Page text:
Author (s): Tolu Ogunlesi
Affiliated Institution: The Guardian
Type of Publication: Article
Date of Publication: 24 August 2015
The Nigerian city is an enigma, ranking near the bottom of the least liveable places. So why is it near the top in a happiness survey? I think I know.
One day, in February last year, the road that leads to my house in Lagos was removed. Without prior warning or explanation, a group of labourers began pulling out recently laid paving stones. By the end of the week the road was completely bare, the stones piled high to one side. The story my neighbours and I later heard was that the private developer who had laid the stones months earlier, having lost out on a soon-to-be-signed property deal, decided there was no point leaving his road for others to enjoy.
Rather than express shock or dismay, I tweeted about the event, in the tone of one daring anyone to trump it with a cooler story. That’s how many of us who live in Lagos view the city. We wear its many dysfunctions as a badge of honour, proudly swapping real-life stories that elsewhere in the world would belong in the realms of sci-fi or satire.
The abundance of these stories is the reason why the canonisation of Lagos as one of the world’s least liveable cities no longer raises many eyebrows. In this year’s liveability index, produced by the Economist Intelligence Unit (EIU), we popped up fourth from the bottom, somewhere between Tripoli and Damascus which were both sent to the bottom by the conflicts that have ravaged them in recent years.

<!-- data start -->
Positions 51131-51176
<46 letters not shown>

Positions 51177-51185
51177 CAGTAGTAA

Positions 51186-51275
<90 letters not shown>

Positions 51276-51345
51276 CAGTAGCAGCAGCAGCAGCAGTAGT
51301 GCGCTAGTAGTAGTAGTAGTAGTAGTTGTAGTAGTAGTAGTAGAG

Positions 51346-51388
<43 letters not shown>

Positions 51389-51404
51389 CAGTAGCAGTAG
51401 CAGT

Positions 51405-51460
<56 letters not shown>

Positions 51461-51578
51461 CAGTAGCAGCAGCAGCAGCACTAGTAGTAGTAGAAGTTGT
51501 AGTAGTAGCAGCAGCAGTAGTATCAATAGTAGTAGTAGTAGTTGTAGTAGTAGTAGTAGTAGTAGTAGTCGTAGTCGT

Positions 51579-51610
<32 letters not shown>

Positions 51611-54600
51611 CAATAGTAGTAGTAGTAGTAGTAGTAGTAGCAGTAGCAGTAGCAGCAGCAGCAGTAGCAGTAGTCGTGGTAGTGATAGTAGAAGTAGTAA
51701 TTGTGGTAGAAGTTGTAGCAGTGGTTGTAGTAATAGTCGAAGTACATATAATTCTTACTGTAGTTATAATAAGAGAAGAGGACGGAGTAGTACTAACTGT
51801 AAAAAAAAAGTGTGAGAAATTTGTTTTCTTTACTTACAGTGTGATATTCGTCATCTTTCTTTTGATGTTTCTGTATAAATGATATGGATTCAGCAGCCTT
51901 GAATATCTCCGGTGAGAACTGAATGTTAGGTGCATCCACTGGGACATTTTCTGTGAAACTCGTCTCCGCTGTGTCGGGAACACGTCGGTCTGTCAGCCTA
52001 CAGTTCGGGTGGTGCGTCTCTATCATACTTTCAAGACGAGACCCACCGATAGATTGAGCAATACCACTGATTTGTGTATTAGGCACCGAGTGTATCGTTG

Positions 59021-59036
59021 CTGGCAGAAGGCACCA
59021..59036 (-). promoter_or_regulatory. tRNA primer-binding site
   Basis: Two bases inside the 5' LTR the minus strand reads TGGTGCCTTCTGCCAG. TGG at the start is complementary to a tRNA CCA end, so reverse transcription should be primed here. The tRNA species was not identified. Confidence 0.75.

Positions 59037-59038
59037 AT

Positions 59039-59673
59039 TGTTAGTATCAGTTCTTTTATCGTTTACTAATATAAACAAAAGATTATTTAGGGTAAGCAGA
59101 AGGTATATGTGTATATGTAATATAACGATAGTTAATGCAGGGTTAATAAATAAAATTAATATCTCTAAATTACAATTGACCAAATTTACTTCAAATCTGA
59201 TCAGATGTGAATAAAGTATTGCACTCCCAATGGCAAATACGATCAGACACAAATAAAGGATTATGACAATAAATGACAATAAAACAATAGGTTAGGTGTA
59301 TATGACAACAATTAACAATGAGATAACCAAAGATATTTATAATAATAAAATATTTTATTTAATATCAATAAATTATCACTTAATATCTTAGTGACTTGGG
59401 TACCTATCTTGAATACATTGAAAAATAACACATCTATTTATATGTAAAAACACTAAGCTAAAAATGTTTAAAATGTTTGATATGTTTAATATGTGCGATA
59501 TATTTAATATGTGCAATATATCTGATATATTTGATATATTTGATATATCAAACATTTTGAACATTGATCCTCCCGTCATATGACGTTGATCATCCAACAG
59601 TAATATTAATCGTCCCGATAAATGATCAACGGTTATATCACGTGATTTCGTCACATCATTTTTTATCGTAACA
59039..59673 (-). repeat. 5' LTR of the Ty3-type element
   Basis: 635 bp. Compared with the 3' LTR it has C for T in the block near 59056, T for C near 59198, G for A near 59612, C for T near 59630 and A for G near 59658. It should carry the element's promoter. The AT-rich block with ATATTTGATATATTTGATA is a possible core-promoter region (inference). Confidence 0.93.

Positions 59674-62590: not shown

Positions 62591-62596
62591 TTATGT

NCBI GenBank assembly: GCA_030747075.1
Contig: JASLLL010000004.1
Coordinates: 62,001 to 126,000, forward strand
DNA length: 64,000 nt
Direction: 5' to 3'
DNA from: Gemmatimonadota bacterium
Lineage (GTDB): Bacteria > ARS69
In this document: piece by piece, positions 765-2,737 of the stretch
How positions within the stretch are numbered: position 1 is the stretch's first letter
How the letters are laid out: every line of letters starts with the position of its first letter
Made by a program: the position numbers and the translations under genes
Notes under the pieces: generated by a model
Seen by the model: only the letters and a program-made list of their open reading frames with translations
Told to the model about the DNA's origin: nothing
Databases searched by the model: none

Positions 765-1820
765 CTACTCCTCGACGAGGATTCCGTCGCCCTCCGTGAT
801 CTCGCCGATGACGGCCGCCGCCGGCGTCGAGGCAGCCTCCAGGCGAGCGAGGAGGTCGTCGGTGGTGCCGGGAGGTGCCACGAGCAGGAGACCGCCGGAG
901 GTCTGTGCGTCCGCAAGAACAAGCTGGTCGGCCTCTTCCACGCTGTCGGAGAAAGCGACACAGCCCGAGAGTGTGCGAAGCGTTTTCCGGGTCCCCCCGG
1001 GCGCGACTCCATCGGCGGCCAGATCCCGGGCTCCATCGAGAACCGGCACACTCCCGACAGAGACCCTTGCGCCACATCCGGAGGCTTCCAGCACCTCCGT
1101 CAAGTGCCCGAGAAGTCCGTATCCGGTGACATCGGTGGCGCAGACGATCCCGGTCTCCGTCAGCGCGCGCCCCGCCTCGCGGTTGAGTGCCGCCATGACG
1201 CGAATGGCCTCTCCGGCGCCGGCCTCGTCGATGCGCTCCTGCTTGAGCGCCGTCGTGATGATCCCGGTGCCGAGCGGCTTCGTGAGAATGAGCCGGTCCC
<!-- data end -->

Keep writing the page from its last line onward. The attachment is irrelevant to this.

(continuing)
The EIU explains how its ranking is drawn up: “Every city is assigned a rating of relative comfort for over 30 qualitative and quantitative factors across five broad categories: stability; healthcare; culture and environment; education; and infrastructure. Each factor in a city is rated as acceptable, tolerable, uncomfortable, undesirable or intolerable,” and this is informed by the opinions of “in-house analysts”, “in-city contributors”, as well as hard data.
We wear its many dysfunctions as a badge of honour, proudly swapping real-life stories that elsewhere in the world would belong in the realms of sci-fi or satire
Based on that criteria, it’s easy to see why Lagos would fail on every score. Take infrastructure: roads, public transport, housing, electricity, water, telecommunications. Lagos is the only city of its size in the world that doesn’t have a city-wide rail system. That’s 15 to 21 million people (no one knows exactly how many) who are forced to commute by road. Imagine London without the tube but with twice the population – the perfect setting for a dystopian novel.
The provision of utilities has not kept pace with the growing population. In the part of town where I live there doesn’t seem to be a public water system; everyone depends on boreholes. On the “environment” category of the index, which measures things like temperature, here too Lagos fails. Even if the city had pavements (it doesn’t), flaneurs would still find it unappealing on account of the heat and humidity.
Yet, for all its dysfunction, Lagos remains a remarkable city, and it would be unfair and inaccurate to view it only in terms of a score in a “liveability” study. What we lack in infrastructure, we make up for in infectious optimism and energy.
Yes, life here is not ideal; the city could and should be a vastly more liveable place. But those of us who live in Lagos have simply learned to make the most of the status quo. And we’re grateful that technology and increasing political and civic awareness are throwing up unprecedented opportunities for young people to play a part in making our city better. From urban waste management solutions to traffic monitoring apps to public finance transparency initiatives, young Lagosians are working against the odds to bring their city in line with global standards. It’s our zeal to make life better that makes Lagos liveable. Could you say that about where you live?
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